Financial Derivatives

The details
Mathematical Sciences
Colchester Campus
Postgraduate: Level 7
Monday 13 January 2020
Friday 20 March 2020
01 October 2019


Requisites for this module



Key module for

DIP GN1309 Mathematics and Finance,
MSC GN1312 Mathematics and Finance,
MSC GN1324 Mathematics and Finance,
DIP N32309 Actuarial Science,
MSC N32312 Actuarial Science

Module description

This module introduces the basic mathematical techniques underlying the modelling of derivative pricing.

A student will acquire skills on the development and application of pricing and risk management.
An introduction to stochastic methods is presented. Emphasis is placed risk-neutral valuation, the Black-Scholes-Merton model and interest rate models. The module also includes a brief introduction to credit risk.

Module aims

The aim of the module is tto gain insight into the methods used for pricing various financial derivatives and risk management.

Module learning outcomes

By the end of this module a student should:
1. Understand and applying the properties of Brownian motion, Ito's integral and the role of stochastic differential equations in finance.
2. Apply arbitrage arguments in modern finance.
3. Use discrete methods to evaluate derivatives, and illustrate the EMM method.
4. An appreciation of the limitations of the Black-Scholes-Merton model and how these deficiencies can be mitigated. This includes the construction and application of the Greeks in hedging.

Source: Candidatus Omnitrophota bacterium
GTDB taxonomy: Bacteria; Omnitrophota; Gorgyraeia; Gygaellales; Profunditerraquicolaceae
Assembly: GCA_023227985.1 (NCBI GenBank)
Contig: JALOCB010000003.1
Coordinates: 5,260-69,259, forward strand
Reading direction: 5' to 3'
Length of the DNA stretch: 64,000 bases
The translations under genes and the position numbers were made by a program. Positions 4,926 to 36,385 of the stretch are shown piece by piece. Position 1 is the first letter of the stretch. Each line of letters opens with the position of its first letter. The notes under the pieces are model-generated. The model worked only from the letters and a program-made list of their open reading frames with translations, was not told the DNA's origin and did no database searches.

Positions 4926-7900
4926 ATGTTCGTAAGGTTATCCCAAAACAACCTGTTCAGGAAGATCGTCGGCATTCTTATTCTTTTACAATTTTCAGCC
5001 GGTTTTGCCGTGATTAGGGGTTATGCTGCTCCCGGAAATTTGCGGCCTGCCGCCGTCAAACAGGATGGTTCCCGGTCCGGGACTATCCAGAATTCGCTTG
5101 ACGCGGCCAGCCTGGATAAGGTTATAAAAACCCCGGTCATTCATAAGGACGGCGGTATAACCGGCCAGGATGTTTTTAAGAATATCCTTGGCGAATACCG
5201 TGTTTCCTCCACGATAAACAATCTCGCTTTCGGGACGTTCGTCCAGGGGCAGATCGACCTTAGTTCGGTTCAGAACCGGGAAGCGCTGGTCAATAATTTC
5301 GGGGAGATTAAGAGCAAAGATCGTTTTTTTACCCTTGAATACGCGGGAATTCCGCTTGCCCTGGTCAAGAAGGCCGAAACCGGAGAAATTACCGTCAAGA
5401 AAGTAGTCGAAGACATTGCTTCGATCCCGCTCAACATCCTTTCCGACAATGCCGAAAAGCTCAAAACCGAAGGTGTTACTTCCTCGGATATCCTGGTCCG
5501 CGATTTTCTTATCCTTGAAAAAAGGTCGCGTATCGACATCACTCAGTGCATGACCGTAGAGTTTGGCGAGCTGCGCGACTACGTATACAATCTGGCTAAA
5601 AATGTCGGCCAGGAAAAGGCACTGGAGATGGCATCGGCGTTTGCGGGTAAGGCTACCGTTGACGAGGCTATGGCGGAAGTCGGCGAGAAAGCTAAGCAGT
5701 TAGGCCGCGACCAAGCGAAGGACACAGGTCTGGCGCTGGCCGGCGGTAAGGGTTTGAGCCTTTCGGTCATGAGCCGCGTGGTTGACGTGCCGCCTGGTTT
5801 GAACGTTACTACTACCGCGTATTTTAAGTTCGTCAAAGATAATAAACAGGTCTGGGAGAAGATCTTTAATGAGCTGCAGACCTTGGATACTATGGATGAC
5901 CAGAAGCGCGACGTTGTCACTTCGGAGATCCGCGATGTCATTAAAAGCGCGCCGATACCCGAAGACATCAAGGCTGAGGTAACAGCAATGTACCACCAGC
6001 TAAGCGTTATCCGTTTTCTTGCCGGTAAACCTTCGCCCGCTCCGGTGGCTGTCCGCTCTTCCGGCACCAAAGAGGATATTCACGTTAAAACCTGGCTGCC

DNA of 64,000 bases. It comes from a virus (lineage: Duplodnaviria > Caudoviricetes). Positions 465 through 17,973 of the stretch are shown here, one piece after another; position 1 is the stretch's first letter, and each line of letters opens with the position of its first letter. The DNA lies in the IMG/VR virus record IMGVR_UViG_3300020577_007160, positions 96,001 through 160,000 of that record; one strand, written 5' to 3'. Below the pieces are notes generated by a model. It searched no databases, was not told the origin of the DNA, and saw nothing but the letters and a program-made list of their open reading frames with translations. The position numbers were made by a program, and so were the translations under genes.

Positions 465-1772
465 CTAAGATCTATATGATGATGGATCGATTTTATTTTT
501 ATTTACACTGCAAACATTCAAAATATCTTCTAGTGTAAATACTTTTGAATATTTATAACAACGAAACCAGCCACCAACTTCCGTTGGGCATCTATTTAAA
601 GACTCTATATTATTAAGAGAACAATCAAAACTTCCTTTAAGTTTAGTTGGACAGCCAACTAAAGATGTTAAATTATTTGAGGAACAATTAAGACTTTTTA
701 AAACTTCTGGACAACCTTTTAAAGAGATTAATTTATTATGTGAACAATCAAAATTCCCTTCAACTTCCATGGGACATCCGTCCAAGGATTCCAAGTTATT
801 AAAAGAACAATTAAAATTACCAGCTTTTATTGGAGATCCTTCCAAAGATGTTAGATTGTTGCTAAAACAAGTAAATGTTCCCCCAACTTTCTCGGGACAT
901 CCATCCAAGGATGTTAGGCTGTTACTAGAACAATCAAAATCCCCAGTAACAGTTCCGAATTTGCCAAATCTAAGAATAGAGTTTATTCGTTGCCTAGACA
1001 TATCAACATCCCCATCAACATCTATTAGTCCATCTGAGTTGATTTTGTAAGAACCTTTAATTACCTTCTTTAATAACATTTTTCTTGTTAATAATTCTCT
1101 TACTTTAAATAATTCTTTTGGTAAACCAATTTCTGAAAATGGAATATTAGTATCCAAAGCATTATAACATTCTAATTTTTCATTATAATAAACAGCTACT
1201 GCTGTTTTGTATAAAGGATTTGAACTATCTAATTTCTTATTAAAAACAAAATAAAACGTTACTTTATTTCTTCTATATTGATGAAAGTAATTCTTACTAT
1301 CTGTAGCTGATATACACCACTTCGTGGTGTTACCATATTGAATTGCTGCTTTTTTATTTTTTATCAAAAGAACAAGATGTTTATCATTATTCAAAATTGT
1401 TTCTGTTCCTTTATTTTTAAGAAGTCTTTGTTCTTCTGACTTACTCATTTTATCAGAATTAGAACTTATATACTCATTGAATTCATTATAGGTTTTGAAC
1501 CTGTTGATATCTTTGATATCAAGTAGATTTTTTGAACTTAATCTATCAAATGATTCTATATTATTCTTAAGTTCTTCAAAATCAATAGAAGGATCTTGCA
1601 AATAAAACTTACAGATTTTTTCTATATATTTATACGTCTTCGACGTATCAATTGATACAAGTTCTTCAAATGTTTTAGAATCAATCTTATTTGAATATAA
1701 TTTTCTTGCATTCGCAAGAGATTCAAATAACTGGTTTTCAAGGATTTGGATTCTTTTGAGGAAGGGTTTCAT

5. Understand and apply the stochastic models for interest rates.
6. Demonstrate knowledge of simple credit rate models.

Module information

Brownian motion: properties and applications. Ito's integral, Ito's lemma, stochastic differential equation.
Pricing derivatives: arbitrage arguments, complete market, forward contracts, binomial methods, risk-neutral pricing, state-price deflator, Black-Scholes-Merton model, martingales, Garman-Kohlhagen, hedging. Applications.
Interest rate derivatives: term structure, one-factor diffusion models, Vasicek and other common models. Yield curve.
Credit risk: credit event, modelling credit risk, Merton model, two state model.

Learning and teaching methods

Contact hours: 43 hours Lectures: 35 sessions Problem classes: 5 sessions Summer revision: 3 hours


This module does not appear to have a published bibliography.

Assessment items, weightings and deadlines

Coursework / exam Description Deadline Weighting
Written Exam Test 1
Written Exam Test 2
Exam 120 minutes during Summer (Main Period) (Main)

Overall assessment

Coursework Exam
20% 80%


Coursework Exam
0% 100%
Module supervisor and teaching staff
Dr John O'Hara, email
Dr John O'Hara (



External examiner

Dr Dimitrina Dimitrova
Cass Business School, City, University of London
Senior Lecturer
Available via Moodle
Of 47 hours, 41 (87.2%) hours available to students:
6 hours not recorded due to service coverage or fault;
0 hours not recorded due to opt-out by lecturer(s).


Further information
Mathematical Sciences

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